Great argument, eh? Anything you don't like the sound of - especially since you and your mates will be paying it - is a bad thing because you just know it will wreck confidence. My old boss Vic Carroll used to speak with cynical amusement about the ''easily frightened fawn of business confidence''. Do anything business doesn't fancy and the economy will stop dead.

Speaking as one who's been on the top tax rate since 1982-83 - when it was 60¢ in the dollar, and stayed there for another three years - and escaped it for just one year, 2008-09, when Peter Costello's salary sacrifice superannuation rort was at its height, all this is self-serving rubbish.

Yes, as a failed accountant I do keep a record of income tax I pay, though it goes back only to 1969-70. And do you seriously believe being on the top tax has discouraged me from working hard or aspiring to be editor?

Do you think money's the only thing I get out of my job? Do you worry I might quit Oz to be economics editor of The New York Times or The Wall Street Journal? (Tip: not many vacancies in the Big Apple for people who think they're hot shots from Down Under.)

Do you think being on the top tax rate - and hence a pretty flash salary - has discouraged me from saving much in the past 30 years? Do you think my obscenely taxpayer-subsidised super payout won't be as big as a lottery win?

And though all my fellow victims on the top rate don't get the ego reward of having their opinions broadcast to the world, do you think senior executives, people in financial services, city lawyers, medical specialists and the like get no satisfaction from being a winner in the socio-economic status race, or from having kowtowing underlings to boss about?

As best I can determine from the leaks seeping under the door of the Prime Minister's press office, Joe Hockey plans to impose a 1 percentage point tax levy on the part of individual taxpayers' earnings that exceeds $150,000 - or maybe $180,000 - a year.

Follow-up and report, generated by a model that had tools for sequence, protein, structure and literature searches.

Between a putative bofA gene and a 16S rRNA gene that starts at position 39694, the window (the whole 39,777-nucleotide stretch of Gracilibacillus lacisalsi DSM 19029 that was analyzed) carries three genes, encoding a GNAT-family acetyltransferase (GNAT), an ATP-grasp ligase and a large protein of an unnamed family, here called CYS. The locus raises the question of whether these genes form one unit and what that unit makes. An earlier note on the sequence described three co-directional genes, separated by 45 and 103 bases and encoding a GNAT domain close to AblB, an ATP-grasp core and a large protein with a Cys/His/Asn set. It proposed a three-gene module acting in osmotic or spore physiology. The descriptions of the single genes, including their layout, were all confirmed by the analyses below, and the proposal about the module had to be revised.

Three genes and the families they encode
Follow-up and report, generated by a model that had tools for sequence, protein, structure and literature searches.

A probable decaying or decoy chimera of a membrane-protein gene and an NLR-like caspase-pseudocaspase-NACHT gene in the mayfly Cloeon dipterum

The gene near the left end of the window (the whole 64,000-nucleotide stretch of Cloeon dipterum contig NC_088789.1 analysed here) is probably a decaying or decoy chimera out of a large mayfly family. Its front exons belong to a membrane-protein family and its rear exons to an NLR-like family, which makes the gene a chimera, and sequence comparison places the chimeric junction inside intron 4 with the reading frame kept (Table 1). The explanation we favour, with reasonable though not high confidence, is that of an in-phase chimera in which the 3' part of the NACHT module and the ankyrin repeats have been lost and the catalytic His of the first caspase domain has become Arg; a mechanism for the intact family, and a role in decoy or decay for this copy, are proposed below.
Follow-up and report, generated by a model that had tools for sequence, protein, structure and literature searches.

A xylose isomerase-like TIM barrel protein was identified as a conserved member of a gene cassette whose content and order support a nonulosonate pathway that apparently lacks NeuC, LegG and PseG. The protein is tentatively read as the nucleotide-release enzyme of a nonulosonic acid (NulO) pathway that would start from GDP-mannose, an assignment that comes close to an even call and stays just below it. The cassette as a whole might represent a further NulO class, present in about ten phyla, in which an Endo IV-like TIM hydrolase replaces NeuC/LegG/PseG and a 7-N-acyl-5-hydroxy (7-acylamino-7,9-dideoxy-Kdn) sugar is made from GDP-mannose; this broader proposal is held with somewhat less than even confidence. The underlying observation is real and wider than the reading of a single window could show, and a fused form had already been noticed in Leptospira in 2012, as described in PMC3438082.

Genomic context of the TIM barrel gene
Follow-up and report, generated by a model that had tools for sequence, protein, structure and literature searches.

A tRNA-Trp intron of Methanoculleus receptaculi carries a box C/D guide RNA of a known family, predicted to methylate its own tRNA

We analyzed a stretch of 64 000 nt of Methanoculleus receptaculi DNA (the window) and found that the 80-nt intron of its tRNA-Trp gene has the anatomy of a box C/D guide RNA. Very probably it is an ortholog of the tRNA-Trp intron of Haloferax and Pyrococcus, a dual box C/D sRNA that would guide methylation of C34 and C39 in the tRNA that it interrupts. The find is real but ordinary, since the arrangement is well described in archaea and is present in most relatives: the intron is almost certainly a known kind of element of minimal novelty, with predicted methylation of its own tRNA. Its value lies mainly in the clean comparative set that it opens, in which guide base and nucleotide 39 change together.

If so, someone on $200,000 is facing a punishing tax increase of $500 a year, or $9.60 a week. Really? That's what's going to destroy incentive, swell the brain-drain and foster rampant tax avoidance, not to mention stuff economic growth?

Estimates by Ben Phillips of the University of Canberra point to about 650,000 people earning more than $150,000 a year, making up the top 7 per cent of taxpayers.

If the threshold turns out to be the higher $180,000, this would affect 400,000 people, making up the top 4 per cent of taxpayers. (Note how quickly the number of people affected falls as you move further away from the median taxpayer's income of about $55,000 a year.)

What gets me in all the propaganda above is the evidence the disease of fiscal monoculism has reached epidemic proportions. This is the sickness that allows people to see only one side of the budget.

A budget deficit, for instance, can only ever be caused by excessive government spending, never inadequate tax revenue. And though an increase in taxes would kill consumer demand, equivalent cuts in government spending would have no adverse effects. Can't see it, myself.

Ross Gittins is the economics editor.